The gram stain character of Haematobacter massiliensis

The API 20NE (bioMérieux) system yielded a biocode of 0200044 at 48 h of incubation, and as per its database, the organism was identified as Methylobacterium mesophilicum, with % ID of 84.6% and a T index of 1.0, which was an acceptable identification. On the other hand, the Vitek GNI (bioMérieux) card identified the organism as Brucella melitensis, with a probability of 99%. The organism could not be identified by Vitek Maldi-Tof (bioMérieux) mass spectrometry and Bruker Maldi-Tof mass spectrometry due to lack of the spectrum in their database. In summary, neither of them gave a correct result.

The antibiotic susceptibility test was performed using Etest (AB Biodisk) as per the standard method with Mueller-Hinton agar, and incubated for 48 h. The minimum inhibitory concentrations (MICs) of the antibiotics tested were as follows; ampicillin/sulbactam 0.094 μg/ml, piperacillin/tazobactam 4 μg/ml, ciprofloxacin 0.094 μg/ml, ceftazidime <0.016 μg/ml, cefoperazone/sulbactam 4 μg/ml, ertapenem 0.008 μg/ml, amikacin 0.50 μg/ml, cefepime 0.047 μg/ml, amoxicillin/clavulanate 0.19 μg/ml, and trimethoprim/sulfamethoxazole was 0.125 μg/ml. The organism exhibited low MICs to most antibiotics.

Molecular identification

16S rRNA gene sequencing was applied to identify the organism correctly. The universal primer pair used was 27F (5′-AGAGTTTGATCCTGGCTCAG-3′) and 1522R (5′-AAGGAGGTGATCCAGCCGCA-3′). Nearly the full length (1357 bp) of the gene was obtained (GenBank accession no. KJ458986), and BLAST searches showed the best match with H. massiliensis with 100% identity (1354 of 1354 bp without gap sites) (the GenBank accession numbers were DQ342309, DQ342318, DQ342311 and DQ342310). The second best matches were Haematobacter missouriensis (GenBank accession no. DQ342317) for 99% identity (1353/1354 bp without gap sites), with Rhodobacter sp. (GenBank accession no. AM292058) for 99% identity (1355/1361 bp with five gap sites). Therefore, the organism was defined as H. massiliensis.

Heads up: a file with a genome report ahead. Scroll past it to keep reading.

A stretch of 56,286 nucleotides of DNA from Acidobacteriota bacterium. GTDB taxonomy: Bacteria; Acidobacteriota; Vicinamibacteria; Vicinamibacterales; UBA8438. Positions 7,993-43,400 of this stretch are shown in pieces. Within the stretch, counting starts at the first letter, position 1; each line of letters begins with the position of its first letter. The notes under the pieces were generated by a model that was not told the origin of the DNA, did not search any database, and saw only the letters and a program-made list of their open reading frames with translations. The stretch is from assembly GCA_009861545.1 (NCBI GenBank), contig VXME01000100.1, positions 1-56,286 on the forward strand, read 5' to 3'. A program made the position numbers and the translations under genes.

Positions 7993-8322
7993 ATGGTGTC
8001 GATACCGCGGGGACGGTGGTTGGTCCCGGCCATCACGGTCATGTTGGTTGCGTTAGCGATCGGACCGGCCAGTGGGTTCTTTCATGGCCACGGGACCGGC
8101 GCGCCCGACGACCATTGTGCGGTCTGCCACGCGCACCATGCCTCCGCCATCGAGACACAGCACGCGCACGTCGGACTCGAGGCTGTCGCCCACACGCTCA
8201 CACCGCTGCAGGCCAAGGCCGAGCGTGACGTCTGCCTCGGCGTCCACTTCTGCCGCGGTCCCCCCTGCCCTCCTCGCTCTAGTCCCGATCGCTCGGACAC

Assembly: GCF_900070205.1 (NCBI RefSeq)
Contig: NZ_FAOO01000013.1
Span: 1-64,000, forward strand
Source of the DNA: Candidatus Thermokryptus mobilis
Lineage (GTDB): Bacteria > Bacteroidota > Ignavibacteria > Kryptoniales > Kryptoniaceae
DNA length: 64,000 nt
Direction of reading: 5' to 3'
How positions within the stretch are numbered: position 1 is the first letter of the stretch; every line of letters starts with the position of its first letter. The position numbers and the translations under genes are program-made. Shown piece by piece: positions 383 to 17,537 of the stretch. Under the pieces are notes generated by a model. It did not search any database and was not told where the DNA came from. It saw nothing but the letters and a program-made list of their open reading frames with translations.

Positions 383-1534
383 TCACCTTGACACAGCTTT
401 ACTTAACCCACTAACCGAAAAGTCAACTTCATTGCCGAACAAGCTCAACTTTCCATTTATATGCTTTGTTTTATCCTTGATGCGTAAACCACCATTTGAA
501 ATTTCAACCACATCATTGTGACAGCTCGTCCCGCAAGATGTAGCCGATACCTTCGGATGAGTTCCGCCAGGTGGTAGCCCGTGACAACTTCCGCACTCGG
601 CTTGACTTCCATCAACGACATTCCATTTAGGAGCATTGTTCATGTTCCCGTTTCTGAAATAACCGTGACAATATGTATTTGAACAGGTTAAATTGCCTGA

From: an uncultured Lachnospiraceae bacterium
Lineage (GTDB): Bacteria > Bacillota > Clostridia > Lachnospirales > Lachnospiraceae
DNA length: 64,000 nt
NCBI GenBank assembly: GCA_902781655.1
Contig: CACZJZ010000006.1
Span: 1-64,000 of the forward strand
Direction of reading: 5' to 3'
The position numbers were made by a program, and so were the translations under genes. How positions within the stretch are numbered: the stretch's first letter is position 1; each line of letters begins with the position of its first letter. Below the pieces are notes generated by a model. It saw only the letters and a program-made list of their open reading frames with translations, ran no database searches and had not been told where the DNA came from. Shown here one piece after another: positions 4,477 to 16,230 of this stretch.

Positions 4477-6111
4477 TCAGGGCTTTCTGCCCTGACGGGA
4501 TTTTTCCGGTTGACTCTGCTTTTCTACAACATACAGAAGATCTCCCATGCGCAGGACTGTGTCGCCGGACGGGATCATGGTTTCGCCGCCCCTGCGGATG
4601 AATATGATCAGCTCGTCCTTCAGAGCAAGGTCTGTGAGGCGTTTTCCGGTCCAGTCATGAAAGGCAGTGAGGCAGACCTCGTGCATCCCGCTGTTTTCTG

Nucleotide sequence accession number

The 16S rRNA gene sequence of this strain named C1989 has been deposited in GenBank under accession number KJ458986.

Discussion

At the initial diagnosis of the patient, infective endocarditis (IE) was not considered, and the chosen empirical drug therapy did not improve the patient’s condition. According to the Duke criteria, IE can be diagnosed based on 1 major criterion and 3 minor criteria. The presence of aortic valve regurgitation is the major criterion for diagnosis of IE, and our patient met this criterion. The 3 minor criteria include presence of rheumatic heart disease, fever (>38 °C), and positive blood culture, but without the major criterion [3, 4]. Our patient met all the 3 minor criteria for IE. Our case study patient also had splenomegaly, microscopic hematuria, and petechiae, which may also contribute to the diagnosis of IE. In addition, anti-IE treatment with amoxicillin/clavulanate and amikacin produced a satisfactory outcome with no recurrence to date. Thus in the end, a diagnosis of IE was considered the most likely clinical diagnosis. In developing countries, especially in Asia, rheumatic heart disease is the most common underlying heart disease in endocarditis [57]. It is highly likely that due to the patient’s longtime rheumatic heart disease, vascular endothelial injury by group A Streptococci could have predisposed this patient to endocarditis [8]. Notwithstanding the fact that the organism was isolated from only a single bottle of 3 sets of blood cultures, its significance was high to warrant a diagnosis of IE.